First, it was Proposition 13, the 1978 voter initiative that drastically cut property taxes. Then last year Proposition 4 put a lid on all state government spending.
Now, those Californian's who continue to rankle at the growth of taxation and state spending propose to "finish the job" by slashing income taxes here by more than half in a June referendum.
California has been seen as the leader in the "tax revolt," and this latest skirmish is being closely watched for its impact on state and local government. Latest polls indicate it has a good chance of being approved in June (when the state's presidential primary election is held).
Leading the charge once again is Howard Jarvis, populist tax battler and author of Proposition 13. His latest effort will be listed as Proposition 9 on the June ballot, but is generally known as "Jarvis II." (some wags are calling it "Jaws II").
Proposition 9 would cut state personal income tax rates 50 percent across the boad. But because tax credits for such things as children, the poor, and the elderly would remain the same, the actual reduction in income tax revenues would be 54 percent. This would amount to nearly $5 billion the first year, or about one-fourth the annual state budget. Since nearly 80 percent of state expenditures go to local governments for education, welfare, and health items, municipalities would be most severely effected.
Proponents of Proposition 9 point out that taxes on income in California have shot up even faster than property taxes in recent years. While property tax collections rose about 150 percent between 1968 and 1978, income taxes skyrocketed nearly 350 percent over the same period -- largely through inflation and the lack of indexing to counter it.
MR. Jarvi's new proposal is progressive in that it would cut the taxes of those in lower income brackets by the greatest percentage. Opponents note, however, that, in total, those at the upper end of the income spectrum would receive the bulk of the savings.
The US Treasury Department has estimated that California stands to gain a windfall of some $22 billion over the next decade because of the decontrol of domestic oil prices. Jarvis supporters say this will help make up for the cut in personal income tax revenues.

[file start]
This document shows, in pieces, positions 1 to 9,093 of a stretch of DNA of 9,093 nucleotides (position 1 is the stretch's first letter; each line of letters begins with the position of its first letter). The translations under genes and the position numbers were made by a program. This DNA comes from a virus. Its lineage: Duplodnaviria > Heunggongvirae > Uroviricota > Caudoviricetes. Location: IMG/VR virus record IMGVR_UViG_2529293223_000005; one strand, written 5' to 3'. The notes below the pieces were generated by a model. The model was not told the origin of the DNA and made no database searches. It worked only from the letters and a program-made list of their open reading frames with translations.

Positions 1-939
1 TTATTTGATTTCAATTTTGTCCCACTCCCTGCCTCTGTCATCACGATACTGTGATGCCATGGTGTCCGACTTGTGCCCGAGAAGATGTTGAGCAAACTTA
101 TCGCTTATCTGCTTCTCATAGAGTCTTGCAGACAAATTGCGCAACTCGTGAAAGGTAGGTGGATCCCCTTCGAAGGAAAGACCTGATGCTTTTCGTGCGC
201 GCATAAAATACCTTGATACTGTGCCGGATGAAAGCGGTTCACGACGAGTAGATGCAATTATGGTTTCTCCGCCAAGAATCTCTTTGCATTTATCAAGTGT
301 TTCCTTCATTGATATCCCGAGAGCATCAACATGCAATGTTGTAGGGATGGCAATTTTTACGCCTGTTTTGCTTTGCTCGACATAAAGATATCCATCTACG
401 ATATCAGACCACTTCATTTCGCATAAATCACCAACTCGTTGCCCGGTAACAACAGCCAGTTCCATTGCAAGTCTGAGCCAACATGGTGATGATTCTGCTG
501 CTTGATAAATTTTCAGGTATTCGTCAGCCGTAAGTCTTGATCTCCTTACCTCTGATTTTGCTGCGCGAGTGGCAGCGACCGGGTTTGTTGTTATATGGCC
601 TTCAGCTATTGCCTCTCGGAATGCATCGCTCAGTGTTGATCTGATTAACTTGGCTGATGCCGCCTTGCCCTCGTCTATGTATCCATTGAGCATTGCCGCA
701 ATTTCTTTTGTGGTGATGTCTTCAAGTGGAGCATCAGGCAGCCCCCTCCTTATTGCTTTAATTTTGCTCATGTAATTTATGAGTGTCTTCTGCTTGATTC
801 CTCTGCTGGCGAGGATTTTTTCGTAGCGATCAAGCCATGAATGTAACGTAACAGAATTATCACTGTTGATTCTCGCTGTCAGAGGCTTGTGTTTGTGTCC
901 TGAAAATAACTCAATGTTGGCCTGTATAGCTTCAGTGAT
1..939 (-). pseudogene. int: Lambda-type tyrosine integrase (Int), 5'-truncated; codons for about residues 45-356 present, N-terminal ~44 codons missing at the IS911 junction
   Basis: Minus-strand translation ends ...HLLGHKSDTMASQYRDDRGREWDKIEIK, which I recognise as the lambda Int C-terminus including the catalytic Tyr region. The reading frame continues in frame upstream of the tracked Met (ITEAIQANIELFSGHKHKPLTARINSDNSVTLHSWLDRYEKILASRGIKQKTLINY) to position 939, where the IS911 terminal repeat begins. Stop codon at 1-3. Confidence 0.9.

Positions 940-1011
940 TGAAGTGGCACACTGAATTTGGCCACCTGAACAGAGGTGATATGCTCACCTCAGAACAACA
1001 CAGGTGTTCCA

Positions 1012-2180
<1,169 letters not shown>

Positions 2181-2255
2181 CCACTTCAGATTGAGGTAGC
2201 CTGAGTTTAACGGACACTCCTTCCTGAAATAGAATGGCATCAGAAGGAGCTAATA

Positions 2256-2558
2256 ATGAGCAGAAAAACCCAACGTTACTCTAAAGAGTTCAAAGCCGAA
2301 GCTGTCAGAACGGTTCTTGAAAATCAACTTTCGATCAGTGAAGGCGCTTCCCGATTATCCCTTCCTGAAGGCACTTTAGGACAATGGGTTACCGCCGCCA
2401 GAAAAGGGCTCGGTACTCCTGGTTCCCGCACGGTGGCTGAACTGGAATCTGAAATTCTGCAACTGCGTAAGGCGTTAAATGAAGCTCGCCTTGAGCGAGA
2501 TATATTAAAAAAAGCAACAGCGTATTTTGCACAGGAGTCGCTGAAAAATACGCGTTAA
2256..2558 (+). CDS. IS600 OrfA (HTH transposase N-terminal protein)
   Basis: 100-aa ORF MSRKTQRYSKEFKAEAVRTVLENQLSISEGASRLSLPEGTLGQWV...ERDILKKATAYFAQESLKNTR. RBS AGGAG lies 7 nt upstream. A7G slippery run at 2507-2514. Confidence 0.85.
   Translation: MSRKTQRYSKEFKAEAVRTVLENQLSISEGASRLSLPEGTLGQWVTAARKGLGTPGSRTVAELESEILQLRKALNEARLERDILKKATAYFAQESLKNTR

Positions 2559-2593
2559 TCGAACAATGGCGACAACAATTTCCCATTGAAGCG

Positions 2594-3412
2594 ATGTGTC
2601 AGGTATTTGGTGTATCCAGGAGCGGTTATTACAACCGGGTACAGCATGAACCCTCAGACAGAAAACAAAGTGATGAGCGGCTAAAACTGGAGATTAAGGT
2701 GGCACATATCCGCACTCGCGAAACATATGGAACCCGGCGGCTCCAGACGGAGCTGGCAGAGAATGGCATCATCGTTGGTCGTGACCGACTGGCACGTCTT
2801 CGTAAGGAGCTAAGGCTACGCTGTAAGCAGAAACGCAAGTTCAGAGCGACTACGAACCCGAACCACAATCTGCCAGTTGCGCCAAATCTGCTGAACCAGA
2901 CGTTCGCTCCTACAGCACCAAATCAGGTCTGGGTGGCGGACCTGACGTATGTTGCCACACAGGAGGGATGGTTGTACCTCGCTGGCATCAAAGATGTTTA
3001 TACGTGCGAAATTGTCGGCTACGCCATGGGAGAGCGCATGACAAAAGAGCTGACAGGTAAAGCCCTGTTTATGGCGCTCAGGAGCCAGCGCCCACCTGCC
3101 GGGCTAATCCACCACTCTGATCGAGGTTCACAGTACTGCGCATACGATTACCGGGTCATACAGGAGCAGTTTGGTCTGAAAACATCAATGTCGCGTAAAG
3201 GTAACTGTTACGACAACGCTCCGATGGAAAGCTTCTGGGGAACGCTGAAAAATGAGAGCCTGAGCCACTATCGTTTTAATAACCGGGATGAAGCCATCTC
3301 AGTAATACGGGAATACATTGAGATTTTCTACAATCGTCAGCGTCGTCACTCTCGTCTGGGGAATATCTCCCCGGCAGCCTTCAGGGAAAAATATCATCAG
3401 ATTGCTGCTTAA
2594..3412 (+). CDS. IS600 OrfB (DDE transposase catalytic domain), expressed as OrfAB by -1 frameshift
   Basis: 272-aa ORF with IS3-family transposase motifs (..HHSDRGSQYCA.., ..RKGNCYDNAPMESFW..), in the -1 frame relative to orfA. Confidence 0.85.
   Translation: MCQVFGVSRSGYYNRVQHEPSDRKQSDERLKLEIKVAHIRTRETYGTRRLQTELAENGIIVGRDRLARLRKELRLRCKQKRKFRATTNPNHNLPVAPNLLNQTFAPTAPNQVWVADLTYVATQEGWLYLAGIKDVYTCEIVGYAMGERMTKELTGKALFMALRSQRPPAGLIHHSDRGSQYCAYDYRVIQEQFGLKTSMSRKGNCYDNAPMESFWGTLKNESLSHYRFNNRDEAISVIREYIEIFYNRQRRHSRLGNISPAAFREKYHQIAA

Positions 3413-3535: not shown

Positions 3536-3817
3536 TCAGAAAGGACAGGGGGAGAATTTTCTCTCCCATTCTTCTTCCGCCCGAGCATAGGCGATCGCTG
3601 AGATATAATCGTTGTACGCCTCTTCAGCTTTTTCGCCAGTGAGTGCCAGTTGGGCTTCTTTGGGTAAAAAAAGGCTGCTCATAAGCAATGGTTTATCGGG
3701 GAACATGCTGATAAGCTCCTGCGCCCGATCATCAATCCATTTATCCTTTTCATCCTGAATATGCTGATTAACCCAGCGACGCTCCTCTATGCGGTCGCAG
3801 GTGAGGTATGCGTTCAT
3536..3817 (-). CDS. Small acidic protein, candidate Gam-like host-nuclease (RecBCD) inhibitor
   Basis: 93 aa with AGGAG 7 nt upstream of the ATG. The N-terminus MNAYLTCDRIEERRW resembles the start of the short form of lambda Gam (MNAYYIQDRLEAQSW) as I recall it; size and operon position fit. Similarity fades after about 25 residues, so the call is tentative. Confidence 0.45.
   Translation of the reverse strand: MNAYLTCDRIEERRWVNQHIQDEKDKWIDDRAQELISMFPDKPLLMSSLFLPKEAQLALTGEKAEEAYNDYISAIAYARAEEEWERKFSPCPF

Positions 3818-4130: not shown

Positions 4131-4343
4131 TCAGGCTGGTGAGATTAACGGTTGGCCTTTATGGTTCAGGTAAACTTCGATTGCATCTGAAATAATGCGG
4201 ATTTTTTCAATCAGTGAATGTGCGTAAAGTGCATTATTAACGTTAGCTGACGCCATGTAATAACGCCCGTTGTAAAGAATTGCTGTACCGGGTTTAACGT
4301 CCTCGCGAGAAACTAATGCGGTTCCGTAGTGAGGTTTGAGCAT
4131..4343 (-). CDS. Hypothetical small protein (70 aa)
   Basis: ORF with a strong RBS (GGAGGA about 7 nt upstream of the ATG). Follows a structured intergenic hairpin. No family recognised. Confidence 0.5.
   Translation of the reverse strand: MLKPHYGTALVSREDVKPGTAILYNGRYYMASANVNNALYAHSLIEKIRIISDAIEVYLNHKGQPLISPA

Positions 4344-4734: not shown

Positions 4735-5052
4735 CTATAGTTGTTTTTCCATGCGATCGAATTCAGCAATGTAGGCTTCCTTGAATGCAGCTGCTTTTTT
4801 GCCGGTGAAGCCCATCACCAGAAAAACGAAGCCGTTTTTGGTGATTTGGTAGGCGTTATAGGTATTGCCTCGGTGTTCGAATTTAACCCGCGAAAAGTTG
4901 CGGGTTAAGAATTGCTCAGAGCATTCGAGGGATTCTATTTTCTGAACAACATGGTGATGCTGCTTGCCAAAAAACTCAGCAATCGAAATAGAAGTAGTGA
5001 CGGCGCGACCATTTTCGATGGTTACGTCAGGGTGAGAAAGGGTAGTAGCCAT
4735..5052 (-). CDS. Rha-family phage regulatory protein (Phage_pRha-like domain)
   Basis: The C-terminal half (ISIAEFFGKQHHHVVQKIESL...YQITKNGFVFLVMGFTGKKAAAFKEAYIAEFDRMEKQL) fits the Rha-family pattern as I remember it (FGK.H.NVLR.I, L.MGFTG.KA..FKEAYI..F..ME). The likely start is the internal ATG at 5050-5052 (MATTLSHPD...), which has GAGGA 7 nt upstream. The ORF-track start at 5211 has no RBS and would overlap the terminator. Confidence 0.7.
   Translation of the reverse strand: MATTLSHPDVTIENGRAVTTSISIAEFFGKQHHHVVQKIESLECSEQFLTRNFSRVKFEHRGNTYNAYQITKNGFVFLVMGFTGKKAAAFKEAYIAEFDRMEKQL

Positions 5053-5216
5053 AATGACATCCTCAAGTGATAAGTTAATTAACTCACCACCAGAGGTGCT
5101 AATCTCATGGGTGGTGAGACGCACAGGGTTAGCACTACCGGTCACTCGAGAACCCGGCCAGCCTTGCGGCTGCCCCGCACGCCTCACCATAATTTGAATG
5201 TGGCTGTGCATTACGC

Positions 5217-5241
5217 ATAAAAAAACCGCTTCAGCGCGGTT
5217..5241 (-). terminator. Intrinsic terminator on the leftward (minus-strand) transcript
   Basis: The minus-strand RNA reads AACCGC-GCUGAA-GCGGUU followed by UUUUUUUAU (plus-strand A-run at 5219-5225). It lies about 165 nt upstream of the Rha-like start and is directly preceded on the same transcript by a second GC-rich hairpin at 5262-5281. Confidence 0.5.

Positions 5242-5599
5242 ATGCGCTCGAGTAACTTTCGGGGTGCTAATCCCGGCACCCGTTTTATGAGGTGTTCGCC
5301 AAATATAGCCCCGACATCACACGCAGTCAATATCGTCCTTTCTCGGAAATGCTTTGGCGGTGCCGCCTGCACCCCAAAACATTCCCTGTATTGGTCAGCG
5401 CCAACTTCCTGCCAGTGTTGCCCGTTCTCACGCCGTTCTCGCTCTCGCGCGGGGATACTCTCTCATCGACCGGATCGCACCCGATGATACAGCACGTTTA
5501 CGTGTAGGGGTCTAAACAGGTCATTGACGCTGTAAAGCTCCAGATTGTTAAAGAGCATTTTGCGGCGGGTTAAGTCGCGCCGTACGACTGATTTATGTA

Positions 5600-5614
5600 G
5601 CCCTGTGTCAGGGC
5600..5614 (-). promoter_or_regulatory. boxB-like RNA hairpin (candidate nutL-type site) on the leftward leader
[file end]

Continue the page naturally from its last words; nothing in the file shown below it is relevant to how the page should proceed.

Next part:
Others argue that the federal government actually reaps much of the benefit of Jarvis-type tax cutting and that, as a result, individual Californians lose out. Because they had less property tax to deduct from taxable income, for example, Californians paid $1.9 billion more in federal income taxes after Proposition 13 was enacted. It is estimated that Proposition 9 would similarly cost California taxpapers $1.1 billion more in payments to Uncle Sam.
Reducing state taxes also costs California sizable amounts in federal revenue sharing, opponents warn. State officials put the revenue sharing loss from Proposition 9 at more than $200 million the first year after passage.
All of this confusion is expected to make it difficult for Mr. Jarvis's opponents to convince voters that his proposal is Draconian. They are in the position of the boy who cried "wolf" once too often.Just about the entire "establishment" -- politicians, unions, and big business -- warned that Proposition 13 would create chaos in government and severely reduce public services.
This did not happen, thanks to a massive budget surplus that had grown over the years and that allowed state government to "bail out" city halls and county offices. but opponents argue that the surplus is running out and that the effects of Proposition 13 have only been delayed.
As for last year's Proposition 4 (which limits any increase in state and local spending to hikes in population or the cost of living), inflation has allowed governments here to keep expandign their budgets, albeit at a slower rate.
In arguing for his tax-cutting measures, Mr. Jarvis puts forth the theory of University of Southern California economist Arthur Laffer. Mr. Laffer holds that cuts in government spending result in more capital investment, higher employment, and a generally healthier economy. Per capita income and jobs have risen in California since Proposition 13 went into effect, and the state's economy continues to improve.
But it remains to be seen whether this is evidence that the so-called "Laffer curve" is valid or that the California aerospace and defense industries (key parts of the state economy) have been immune from the US economic doldrums.
In any case, there already is evidence that Proposition 9 is having an effect here. Gov. Edmund G. Brown Jr. has told state officials to prepare two budgets for the coming year, one reflecting the possible effects of cutting state revenues by as much as 30 percent.